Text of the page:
A couple of major editorials take a look at President Obama’s energy-related nominations to his cabinet: Ernest Moniz for Energy Secretary and Gina McCarthy for EPA Administrator. These are not specific to energy generation or even to the nominees, really, zeroing in on climate change mostly, but it never hurts to see if nuclear energy gets a shout out – or just shouted at.
Here’s the Times’ view. It opines that Congress is unlikely to move on climate change legislation and continues:
This means that his second-term agenda on climate change will run through Ms. McCarthy’s and Mr. Moniz’s agencies, and will depend almost entirely on executive actions that do not require Congressional approval. Here are three strategies that could make a big dent in carbon emissions.
Just three? You’ve got to start somewhere. They are: Use the Clean Air Act to limit pollution (good for nuclear); Make natural gas safer (neutral); Improve energy efficiency across the board (also neutral). All these align with Obama’s views on energy, so the Times is likely to get its wish-list fulfilled.
Nuclear energy falls into the “other good ideas” category:
There is obviously more: finding new refrigerants to replace climate-warming hydrofluorocarbons, investing not only in familiar renewable energy sources like wind and solar power but also in basic research, next-generation nuclear plants and experimental technologies that could smooth the path to a low-carbon economy.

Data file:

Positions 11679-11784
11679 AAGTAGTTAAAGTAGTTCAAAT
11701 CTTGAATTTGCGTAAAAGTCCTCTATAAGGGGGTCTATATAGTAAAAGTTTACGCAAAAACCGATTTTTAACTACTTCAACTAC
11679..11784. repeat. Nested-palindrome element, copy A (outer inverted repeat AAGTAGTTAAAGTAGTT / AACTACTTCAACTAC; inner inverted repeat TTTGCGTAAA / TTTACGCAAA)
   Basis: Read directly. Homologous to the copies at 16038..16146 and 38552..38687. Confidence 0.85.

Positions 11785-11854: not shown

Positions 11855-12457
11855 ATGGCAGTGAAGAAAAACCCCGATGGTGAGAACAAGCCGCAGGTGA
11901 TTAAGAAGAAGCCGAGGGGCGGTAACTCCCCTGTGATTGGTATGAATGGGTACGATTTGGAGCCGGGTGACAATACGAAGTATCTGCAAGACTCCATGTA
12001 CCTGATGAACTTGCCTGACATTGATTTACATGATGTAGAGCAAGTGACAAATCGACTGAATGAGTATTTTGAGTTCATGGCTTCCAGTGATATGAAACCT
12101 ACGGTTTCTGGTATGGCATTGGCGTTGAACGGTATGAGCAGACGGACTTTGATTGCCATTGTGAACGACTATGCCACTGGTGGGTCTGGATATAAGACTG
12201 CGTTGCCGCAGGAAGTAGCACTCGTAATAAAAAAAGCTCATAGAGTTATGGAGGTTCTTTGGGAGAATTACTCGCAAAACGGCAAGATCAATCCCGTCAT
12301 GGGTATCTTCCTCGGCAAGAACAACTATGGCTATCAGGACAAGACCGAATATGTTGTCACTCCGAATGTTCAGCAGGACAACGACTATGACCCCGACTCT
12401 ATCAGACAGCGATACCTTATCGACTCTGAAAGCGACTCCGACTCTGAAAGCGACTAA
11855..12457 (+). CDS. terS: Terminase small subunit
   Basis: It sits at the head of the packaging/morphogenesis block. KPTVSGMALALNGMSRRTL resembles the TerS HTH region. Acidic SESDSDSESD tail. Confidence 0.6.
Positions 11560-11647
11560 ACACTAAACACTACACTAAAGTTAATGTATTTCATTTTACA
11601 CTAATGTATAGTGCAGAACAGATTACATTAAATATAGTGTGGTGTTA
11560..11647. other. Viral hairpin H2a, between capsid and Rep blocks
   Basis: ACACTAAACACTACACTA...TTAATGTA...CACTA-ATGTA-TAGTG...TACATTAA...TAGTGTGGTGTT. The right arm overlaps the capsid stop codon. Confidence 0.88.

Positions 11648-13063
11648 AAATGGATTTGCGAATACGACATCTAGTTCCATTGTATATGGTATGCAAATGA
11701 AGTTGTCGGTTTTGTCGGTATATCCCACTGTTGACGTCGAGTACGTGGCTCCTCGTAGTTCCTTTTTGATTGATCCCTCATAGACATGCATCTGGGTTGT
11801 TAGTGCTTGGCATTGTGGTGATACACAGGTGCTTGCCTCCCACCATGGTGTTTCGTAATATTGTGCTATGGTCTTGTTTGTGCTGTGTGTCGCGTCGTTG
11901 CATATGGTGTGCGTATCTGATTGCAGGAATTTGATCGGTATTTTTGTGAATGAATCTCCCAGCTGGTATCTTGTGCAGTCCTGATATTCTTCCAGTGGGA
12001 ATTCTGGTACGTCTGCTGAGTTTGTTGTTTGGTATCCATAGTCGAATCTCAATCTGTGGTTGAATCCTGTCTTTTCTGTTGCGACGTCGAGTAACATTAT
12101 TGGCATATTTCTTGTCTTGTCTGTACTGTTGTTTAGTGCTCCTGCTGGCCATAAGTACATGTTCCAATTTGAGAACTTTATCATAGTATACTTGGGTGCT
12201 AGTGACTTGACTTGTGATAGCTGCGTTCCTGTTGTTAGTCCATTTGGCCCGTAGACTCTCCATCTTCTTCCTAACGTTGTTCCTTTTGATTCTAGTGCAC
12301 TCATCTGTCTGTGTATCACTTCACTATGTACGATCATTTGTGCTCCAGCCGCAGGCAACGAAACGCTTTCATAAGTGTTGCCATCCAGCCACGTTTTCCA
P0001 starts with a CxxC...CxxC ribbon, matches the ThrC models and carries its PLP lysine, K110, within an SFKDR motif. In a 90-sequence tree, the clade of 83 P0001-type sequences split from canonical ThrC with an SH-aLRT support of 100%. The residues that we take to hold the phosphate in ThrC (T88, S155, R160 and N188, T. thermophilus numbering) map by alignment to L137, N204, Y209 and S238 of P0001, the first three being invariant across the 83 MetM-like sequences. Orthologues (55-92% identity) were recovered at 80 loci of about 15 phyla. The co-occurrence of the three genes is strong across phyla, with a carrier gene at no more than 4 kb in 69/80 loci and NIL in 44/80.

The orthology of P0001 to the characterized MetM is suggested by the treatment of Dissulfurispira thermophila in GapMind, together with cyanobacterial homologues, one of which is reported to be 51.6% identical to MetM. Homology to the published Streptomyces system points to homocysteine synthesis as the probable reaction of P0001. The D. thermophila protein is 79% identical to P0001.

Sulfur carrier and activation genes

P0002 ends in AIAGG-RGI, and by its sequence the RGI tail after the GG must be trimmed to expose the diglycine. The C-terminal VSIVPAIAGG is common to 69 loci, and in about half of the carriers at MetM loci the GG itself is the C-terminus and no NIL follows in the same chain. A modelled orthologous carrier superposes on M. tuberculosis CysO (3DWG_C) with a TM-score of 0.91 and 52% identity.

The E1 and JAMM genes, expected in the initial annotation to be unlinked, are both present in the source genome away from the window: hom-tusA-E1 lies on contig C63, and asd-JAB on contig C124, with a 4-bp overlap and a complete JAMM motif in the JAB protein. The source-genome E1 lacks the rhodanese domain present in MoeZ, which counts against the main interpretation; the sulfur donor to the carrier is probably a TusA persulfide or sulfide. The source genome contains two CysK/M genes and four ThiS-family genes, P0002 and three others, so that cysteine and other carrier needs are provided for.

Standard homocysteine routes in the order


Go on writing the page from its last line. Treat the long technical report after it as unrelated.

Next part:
It’s a fine point, but when nuclear energy is just another Joe or Jane in the energy mix, all is good. That’s what it is, after all, but a particularly useful one for the goals the Times is seeking. Its inclusion here is appropriate.
The Washington Post takes an unusual perspective on the nominations, using its editorial less to run through qualifications – it does that in news analysis stories – than to take a swipe at environmentalists that have apparently objected to Moniz.
Mr. Obama should also ignore the complaints about Ernest Moniz, whom the president nominated Monday to head the Energy Department. Mr. Moniz, an MIT professor, favors renewable sources of electricity — but also nuclear power and natural gas.
I would think after Energy Secretary Steven Chu, enviro-types would understand that Obama has no particular animus against nuclear energy – and that Obama tends to prefer academics when there is science involved – and that science-based academics have mostly sidestepped ideological worries about nuclear energy. I can see where Obama’s choices can be frustrating to that crowd – but it does help keep the energy discussion broad and inclusive.
Anyway, the Post continues its argument with an example involving natural gas, so no nuclear pickup there. But it concludes:
Instead of indulging in distractions, Mr. Obama and his friends in the environmental movement should push for policies that could make a significant difference by cutting demand for carbon-intensive fuels.
Even though the dismissal here might seem a bit too airy – I doubt the complainers consider their complaints a distraction – I have to agree with the sentiment. Better to table increasingly stale arguments in favor of really engaging with the topic. Nuclear energy has a role to play here – as does natural gas – and enviros and the Obama administration agree on it’s importance. That’s a big win. There will be other days to fight about the particulars.